Old Fashioned Food Grinder Mill ~ Making Applesauce and Choke Cherry Jelly

Memories

An old fashioned cone shaped food mill / grinding mill strainer with stand and a wooden pestle given to me by my grandmother when my husband and I moved to Wisconsin Rapids, Wisconsin from Houston, Texas in the 1970's was put to good use!

I made many a pint jar of home canned choke cherry jelly and quart jars were filled after making applesauce and preserving that also by water bath canning methods.

My grandmother had given us her old canning equipment and plenty of old but still useful mason jars that were in her basement.

Another type of vintage food mill was also in my possession (also a hand-me-down) but with the stand on this Wearever old fashioned aluminum food mill which nicely placed the cone strainer over bowls which would easily capture the pressed juice and ground pulp of the fruit, this became my favorite choice to use.


Old cone shaped food mill with wooden pestle

Old cone shaped food mill with stand and pestle given to me from my grandmother.
Old cone shaped food mill with stand and pestle given to me from my grandmother. | Source

Apple Sauce Recipe

Food Mill

New Star 42566 3-Piece Stainless Steel Chinois Strainer Set
New Star 42566 3-Piece Stainless Steel Chinois Strainer Set

This is modern but similar to the old fashioned food mill given to me by my grandmother.

 

Wisconsin Rapids, Wisconsin


I practiced backyard organic gardening when my husband and I lived in Wisconsin Rapids, Wisconsin many years ago.

That garden was terrific and produced so much nutritious and tasty food not only for the two of us but it was shared with many other people as well.

One of our good neighbors who had several acres of land and their own large garden invited me to split the purchase of several bushels of different types of apples one year. She regularly made applesauce for her family of five and it made me remember the days of my childhood when I grew up eating homemade applesauce.

Those wonderful days of opening the mason jars filled with pink hued and delicious applesauce made from the efforts of my mother came to mind.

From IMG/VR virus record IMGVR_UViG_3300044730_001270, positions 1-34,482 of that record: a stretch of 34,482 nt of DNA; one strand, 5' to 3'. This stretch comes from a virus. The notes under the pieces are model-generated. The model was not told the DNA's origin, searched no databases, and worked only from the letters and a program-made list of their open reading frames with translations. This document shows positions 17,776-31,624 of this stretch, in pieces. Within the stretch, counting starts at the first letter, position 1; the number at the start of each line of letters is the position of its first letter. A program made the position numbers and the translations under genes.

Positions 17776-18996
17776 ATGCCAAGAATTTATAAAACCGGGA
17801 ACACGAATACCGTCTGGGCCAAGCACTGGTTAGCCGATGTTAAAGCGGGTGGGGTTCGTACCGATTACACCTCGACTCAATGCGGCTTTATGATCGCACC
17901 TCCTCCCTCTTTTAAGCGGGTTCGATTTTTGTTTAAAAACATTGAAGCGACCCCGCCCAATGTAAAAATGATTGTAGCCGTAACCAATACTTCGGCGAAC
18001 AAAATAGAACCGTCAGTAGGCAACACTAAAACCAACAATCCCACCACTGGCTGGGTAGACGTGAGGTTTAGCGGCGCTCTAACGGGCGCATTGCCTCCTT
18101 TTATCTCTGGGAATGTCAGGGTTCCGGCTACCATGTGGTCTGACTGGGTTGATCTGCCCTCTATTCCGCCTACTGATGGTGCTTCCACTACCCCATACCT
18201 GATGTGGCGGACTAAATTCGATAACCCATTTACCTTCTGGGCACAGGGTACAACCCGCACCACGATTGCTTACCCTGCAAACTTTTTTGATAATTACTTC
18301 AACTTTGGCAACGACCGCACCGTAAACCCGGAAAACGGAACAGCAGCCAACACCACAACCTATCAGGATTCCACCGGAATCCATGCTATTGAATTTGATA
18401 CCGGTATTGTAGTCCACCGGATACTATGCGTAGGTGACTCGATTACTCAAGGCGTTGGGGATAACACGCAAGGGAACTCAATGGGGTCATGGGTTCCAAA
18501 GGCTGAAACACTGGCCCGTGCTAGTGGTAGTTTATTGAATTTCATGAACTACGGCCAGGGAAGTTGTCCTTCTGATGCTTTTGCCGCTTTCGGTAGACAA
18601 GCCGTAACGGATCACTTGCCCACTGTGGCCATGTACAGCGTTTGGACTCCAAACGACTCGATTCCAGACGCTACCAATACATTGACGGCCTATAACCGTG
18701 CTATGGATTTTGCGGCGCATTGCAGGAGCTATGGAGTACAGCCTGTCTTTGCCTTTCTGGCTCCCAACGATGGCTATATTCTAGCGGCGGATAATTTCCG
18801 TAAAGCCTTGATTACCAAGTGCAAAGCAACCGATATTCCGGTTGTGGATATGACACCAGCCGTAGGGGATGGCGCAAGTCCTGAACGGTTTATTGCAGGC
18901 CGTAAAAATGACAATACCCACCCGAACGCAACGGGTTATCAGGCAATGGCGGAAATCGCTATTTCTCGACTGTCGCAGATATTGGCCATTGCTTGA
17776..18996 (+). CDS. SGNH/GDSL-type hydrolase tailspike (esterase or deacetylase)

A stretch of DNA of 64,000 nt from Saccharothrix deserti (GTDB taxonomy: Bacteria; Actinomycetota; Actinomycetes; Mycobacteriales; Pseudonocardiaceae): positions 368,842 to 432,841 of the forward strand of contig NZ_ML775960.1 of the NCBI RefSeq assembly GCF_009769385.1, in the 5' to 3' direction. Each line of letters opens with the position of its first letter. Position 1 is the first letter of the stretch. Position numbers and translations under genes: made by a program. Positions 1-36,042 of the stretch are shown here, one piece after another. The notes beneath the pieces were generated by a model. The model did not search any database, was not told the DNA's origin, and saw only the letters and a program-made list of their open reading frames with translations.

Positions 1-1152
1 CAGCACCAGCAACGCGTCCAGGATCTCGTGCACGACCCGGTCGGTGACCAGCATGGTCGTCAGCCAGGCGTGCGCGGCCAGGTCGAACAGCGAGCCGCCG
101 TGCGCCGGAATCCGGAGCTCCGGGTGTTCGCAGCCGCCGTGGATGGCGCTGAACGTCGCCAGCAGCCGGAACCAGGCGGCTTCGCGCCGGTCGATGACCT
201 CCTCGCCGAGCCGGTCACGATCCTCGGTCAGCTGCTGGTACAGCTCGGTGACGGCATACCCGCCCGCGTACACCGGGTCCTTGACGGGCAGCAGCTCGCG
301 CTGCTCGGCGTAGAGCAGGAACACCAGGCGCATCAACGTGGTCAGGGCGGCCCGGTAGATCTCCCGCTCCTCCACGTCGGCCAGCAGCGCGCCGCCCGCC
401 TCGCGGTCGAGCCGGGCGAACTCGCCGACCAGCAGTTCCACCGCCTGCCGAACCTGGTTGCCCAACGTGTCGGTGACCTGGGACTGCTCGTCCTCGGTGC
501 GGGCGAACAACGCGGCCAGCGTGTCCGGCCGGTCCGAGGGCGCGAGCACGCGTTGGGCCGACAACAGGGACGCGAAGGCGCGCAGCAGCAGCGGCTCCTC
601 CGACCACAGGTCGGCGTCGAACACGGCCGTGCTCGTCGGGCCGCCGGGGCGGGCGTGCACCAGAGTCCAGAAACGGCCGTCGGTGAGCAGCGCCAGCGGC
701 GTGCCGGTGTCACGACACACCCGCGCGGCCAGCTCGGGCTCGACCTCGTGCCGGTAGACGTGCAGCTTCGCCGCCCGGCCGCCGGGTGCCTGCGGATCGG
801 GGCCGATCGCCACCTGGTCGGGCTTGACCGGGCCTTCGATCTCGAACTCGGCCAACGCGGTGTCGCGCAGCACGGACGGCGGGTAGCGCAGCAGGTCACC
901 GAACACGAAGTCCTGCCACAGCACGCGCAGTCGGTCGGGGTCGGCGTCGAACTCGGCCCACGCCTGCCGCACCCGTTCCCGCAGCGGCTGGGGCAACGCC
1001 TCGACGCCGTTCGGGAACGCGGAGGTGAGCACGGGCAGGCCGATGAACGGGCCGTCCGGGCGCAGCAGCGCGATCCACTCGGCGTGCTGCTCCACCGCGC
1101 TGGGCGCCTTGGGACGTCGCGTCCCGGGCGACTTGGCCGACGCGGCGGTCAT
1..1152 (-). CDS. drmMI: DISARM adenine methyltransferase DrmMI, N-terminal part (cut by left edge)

Since I had already learned the water bath canning method of preserving home grown tomatoes after planting 43 tomato plants that first year in our garden!... I decided to start making my own applesauce as well.

Homemade applesauce is so much better than the canned or jarred varieties that one typically purchases in grocery stores.

One can adjust the sweetness and any flavorings to one's taste.

Thus my making of homemade applesauce was launched thanks to my neighbor Char, and also with gratitude to my grandma who had given us her canning and food mill equipment that she no longer intended to use.


This video below explains how to accomplish this water bath canning beautifully!

Tips for Water-Bath Canning for Dummies

Food Mill

OXO Good Grips Food Mill
OXO Good Grips Food Mill

I am also blessed to have an older version of this type of food mill from my grandmother.

 

Homemade applesauce recipe


Making homemade applesauce is so very easy!

My neighbor and I used a combination of apples. The same types that are good for pie recipes also make for great use in applesauce.

The video above shows making applesauce in a slow cooker with no water added. I simply cooked my apples with water added in a kettle after using the food mill to separate out the apple skins and seeds.

The only caveat I would suggest is to taste the applesauce first before automatically adding sugar and add any sugar gradually because it all depends upon the sweetness of the apples one is using as to how much sugar is needed to make it palatable.

For diabetics, sugar substitutes could be utilized...and again...do this "to taste."

For those who wish to see another person make and preserve applesauce from start to finish, the video below is for you.

Making and Canning Applesauce

Picking choke cherries

There I am picking choke cherries from our tree in the front yard.